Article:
//Vivienne Westwood (third right) with LIR assistant Addy Isman + Teddy Boys outside 430 King's Road, Chelsea, 1972. Photo: David Parkinson.//
Vivienne Westwood has asserted her rights to the marks Let It Rock, Too Fast To Live Too Young To Die and Worlds End (the names of the shop at 430 King’s Road operated by Westwood and Malcolm McLaren in 1971-72, 1973-74 and 1980 to date respectively).
This is significant. While Worlds End has clearly been Westwood’s since she split with the late McLaren in 1984, they adopted a laissez-faire attitude to enforcing their intellectual property rights to the shop names and dozens of designs created during the 13-year partnership which also included the incarnations of 430 as SEX (1974-76) and Seditionaries (1976-80).
11.30am July 1977: Strolling back from a parcel delivery in the shadow of the Post Office Tower, past The Tower Tavern.
Three Teddy Boys already in there, sitting by the ceiling to floor window. There had been several Teds picking off stragglers the previous night after the screening of Sex Pistols Number 1 at The Other Cinema in Tottenham Street.
These three were evidently having a livener after being up all night in Soho and surrounds. My brothel creepers probably did for it, with Hoofer army greens and a 60s shirt from Acme Attractions. I had black spiked hair (the vegetable dye ran blue down my neck in the rain) and afterwards one of the cops said: “Well, what do you expect walking around like that?”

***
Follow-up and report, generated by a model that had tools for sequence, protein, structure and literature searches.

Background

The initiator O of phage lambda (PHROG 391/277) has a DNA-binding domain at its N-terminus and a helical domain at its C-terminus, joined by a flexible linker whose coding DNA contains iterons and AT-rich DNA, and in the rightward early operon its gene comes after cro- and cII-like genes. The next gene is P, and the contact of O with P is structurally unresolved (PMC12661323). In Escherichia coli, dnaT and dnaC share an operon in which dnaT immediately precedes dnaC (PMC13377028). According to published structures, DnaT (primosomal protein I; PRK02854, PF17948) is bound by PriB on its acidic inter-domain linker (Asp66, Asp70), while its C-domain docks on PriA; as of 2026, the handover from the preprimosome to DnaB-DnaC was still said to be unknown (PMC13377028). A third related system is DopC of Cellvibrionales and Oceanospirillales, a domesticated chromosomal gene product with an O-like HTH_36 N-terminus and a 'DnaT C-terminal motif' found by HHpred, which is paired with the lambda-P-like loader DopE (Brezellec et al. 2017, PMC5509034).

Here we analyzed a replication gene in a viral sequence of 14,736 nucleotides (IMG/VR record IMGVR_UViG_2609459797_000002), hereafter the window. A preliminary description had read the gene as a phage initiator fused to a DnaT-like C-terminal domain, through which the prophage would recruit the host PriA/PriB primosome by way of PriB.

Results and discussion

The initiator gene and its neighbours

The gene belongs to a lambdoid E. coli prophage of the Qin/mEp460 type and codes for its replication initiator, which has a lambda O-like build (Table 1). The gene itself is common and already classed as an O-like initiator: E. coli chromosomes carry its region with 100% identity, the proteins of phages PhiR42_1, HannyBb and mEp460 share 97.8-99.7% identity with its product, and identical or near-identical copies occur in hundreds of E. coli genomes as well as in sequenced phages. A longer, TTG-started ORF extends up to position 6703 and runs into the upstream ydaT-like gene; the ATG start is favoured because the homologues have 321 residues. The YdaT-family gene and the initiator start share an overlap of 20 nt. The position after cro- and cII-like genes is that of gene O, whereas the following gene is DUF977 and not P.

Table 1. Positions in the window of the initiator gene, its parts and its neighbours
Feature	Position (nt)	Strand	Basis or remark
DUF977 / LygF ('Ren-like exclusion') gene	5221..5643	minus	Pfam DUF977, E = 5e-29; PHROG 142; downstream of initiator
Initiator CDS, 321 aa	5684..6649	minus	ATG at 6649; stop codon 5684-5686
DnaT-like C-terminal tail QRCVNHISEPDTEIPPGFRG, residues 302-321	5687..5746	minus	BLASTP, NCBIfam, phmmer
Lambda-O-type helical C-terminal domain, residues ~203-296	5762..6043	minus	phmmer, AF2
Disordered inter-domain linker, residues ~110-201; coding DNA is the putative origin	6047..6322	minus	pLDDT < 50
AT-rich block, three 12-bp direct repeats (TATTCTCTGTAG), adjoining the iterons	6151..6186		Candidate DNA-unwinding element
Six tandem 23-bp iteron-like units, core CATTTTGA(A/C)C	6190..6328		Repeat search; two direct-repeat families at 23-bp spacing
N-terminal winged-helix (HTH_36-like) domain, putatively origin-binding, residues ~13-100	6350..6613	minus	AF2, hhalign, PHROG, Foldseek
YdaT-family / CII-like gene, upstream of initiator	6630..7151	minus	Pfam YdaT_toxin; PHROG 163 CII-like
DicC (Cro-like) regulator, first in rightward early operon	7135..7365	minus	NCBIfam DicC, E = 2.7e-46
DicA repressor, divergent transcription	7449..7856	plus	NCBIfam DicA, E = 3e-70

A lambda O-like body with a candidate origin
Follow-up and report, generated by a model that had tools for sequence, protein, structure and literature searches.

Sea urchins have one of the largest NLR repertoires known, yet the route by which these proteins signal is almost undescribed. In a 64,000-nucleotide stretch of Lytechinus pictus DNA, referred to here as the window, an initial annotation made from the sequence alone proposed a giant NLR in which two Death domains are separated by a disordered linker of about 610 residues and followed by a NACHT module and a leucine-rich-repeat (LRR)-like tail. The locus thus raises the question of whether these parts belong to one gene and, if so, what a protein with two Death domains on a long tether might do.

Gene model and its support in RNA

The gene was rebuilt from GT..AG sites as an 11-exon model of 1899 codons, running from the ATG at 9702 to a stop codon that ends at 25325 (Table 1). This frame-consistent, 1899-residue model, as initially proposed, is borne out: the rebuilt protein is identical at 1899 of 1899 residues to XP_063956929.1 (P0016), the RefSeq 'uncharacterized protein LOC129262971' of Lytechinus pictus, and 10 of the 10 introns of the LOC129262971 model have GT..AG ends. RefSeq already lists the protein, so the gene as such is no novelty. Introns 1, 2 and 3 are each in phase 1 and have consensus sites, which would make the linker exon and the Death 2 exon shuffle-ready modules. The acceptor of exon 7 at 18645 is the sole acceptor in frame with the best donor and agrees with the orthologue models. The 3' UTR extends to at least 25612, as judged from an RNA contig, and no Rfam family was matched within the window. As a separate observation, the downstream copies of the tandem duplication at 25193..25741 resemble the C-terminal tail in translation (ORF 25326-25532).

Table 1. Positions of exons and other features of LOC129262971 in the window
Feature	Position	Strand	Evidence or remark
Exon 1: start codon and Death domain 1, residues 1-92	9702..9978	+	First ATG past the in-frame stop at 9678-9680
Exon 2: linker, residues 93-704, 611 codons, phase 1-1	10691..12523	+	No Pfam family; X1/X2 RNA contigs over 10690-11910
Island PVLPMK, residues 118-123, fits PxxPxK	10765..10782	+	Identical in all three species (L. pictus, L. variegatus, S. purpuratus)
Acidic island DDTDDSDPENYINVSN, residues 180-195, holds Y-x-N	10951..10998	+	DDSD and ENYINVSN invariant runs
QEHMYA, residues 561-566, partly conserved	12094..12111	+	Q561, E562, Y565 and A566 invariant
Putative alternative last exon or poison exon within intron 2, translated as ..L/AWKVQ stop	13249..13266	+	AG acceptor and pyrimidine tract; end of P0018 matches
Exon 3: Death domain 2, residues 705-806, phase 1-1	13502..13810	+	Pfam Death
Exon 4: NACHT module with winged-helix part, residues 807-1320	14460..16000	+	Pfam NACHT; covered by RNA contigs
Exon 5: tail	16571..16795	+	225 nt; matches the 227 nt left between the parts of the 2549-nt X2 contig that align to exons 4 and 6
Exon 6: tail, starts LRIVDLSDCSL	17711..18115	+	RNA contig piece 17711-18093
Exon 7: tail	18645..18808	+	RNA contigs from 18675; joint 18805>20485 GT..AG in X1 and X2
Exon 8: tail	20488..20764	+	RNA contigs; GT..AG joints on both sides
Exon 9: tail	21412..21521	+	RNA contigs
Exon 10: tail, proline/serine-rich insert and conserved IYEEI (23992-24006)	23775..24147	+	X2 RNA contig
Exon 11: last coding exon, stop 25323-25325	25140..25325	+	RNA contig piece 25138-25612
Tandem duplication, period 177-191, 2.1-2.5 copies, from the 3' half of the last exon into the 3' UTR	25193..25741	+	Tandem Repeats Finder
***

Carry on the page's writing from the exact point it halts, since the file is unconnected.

Clocking me, the Teds tore out of the pub. I made a run for it but they soon caught up. I probably weighed 8.5 stone and, as they closed in, thought: “Gawd they look big…and old.” Probably 25/30, with kids.
It didn’t even hurt (much) when they kicked me along the pavement. I was young and limber.
When one of them pulled something metal – Razor? Knuckle duster? Six-inch nail (a popular weapon of choice)? – I bounced up and sprinted the 100 yards to the photo library, locked the doors behind me, ran downstairs and shut myself in the darkroom.
//Elisabeth Photo Library, Cleveland Street, London W1. Summer 1977//
It took 10 minutes to coerce me out. I could hear them jeering as they wandered away from the front door.
My boss called the cops, who bullied me into getting into their car to seek out the Teds. Dazed, I went along with it, determined not to identify them as we toured the pubs in the area.
On the floor in the back of the car was a Tesco carrier bag bulging with baseball bats. Catching me eyeing the bag, one of the coppers grinned and said: “That’s what we’re going to use on these bastards when we find them.”
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